- Author: Luis Espino
I visited a field with leafhopper damage. What was interesting about this field, is that the leafhopper causing the problem was not the aster leafhopper, which is the common one we have in rice. It was a different, green leafhopper that I have seen around in the past, but I have never paid much attention to. I don't even know what its name is (yet). It is green, larger than the aster leafhopper, and moves quite fast. We could not get a picture of it on a rice leaf, so here it is on a weed.
The damage was similar to what I have seen when aster leafhopper feeds on rice. The tip of the leaves get yellow and eventually burned. In this case, the damage was limited to a cold water check, so no treatment is needed.
Another interesting thing is that we found the eggs laid on watergrass plants around the field. Rice did not have any of the oviposition marks. They don't seem to like rice to lay their eggs. That is good because the lesions created due to the egg laying were quite large.
- Author: Luis Espino
This is the first time since I moved to California that I've seen leafhoppers actually injuring rice. Leaf tips turned yellow, and from the road it looks like salt injury, but once you get in the field you can see leafhopper nymphs and adults jumping and flying around.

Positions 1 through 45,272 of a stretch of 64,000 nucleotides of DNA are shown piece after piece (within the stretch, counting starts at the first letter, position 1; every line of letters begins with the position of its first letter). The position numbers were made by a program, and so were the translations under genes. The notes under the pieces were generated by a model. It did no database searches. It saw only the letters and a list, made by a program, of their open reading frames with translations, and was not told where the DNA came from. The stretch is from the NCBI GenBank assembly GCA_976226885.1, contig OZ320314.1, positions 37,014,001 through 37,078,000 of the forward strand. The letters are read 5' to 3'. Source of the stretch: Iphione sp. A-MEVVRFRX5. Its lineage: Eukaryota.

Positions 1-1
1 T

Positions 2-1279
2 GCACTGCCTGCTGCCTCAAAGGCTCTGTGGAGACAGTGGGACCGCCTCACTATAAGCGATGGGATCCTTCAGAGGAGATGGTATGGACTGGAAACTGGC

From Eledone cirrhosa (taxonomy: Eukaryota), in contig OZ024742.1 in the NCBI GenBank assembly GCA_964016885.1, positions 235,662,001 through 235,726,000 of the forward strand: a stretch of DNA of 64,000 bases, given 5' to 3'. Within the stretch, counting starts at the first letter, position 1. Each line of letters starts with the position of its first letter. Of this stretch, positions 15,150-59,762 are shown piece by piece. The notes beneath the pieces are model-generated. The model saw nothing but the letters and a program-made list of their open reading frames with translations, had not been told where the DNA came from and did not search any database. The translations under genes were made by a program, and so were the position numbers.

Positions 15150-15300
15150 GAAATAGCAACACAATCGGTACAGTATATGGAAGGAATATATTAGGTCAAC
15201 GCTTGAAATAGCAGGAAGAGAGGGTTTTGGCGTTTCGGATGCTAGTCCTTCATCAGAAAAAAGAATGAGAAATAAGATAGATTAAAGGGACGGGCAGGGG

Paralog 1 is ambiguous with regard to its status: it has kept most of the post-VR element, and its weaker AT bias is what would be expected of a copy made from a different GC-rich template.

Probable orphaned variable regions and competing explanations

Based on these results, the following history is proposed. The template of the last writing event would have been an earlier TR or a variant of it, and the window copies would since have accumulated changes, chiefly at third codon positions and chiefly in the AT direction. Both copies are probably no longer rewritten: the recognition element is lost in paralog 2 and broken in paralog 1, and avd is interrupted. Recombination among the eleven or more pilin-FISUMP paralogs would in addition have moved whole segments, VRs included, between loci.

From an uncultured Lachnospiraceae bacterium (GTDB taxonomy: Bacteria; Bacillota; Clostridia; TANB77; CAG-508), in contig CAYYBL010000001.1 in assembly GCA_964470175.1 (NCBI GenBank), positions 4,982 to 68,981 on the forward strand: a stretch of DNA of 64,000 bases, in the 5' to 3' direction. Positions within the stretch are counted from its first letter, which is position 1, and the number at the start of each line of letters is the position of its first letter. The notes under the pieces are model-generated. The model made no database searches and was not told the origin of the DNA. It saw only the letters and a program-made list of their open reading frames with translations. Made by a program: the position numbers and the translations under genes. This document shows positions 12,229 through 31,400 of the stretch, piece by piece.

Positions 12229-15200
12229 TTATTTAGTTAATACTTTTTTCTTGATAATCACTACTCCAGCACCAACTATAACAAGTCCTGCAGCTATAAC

What we have is aster leafhopper. They are reported to feed on broadleaf weeds and rice. I have some research plots in this field, with some areas where rice was not planted between plots. Weeds grew on the open areas, and after a propanil application that killed the weeds the leafhoppers might have moved to the rice.
From the UC IPM: Rice website: "Although leafhoppers can be present in fields during most of the growing season, the heaviest populations usually occur from early July through mid-August. Leafhoppers feed on rice plants by sucking up plant fluids through their long, piercing mouthparts. Although they are not known to vector of any rice pathogens in California, leafhoppers may occasionally occur in sufficient numbers to cause damage by their feeding. Injury associated with leafhoppers include stippling, yellowing, and drying leaves. Leafhoppers prefer senescing leaves, and symptoms usually occur on older leaves first. Leafhoppers are very mobile; adults fly and nymphs jump. Thus, infestations are rarely localized but appear generally throughout the field."
We haven't treated this field yet. There are still plenty of leafhoppers, but the plants are growing fast and putting out new leaves. If the leafhoppers remain and start injuring the flag leaf, a treatment might be appropriate.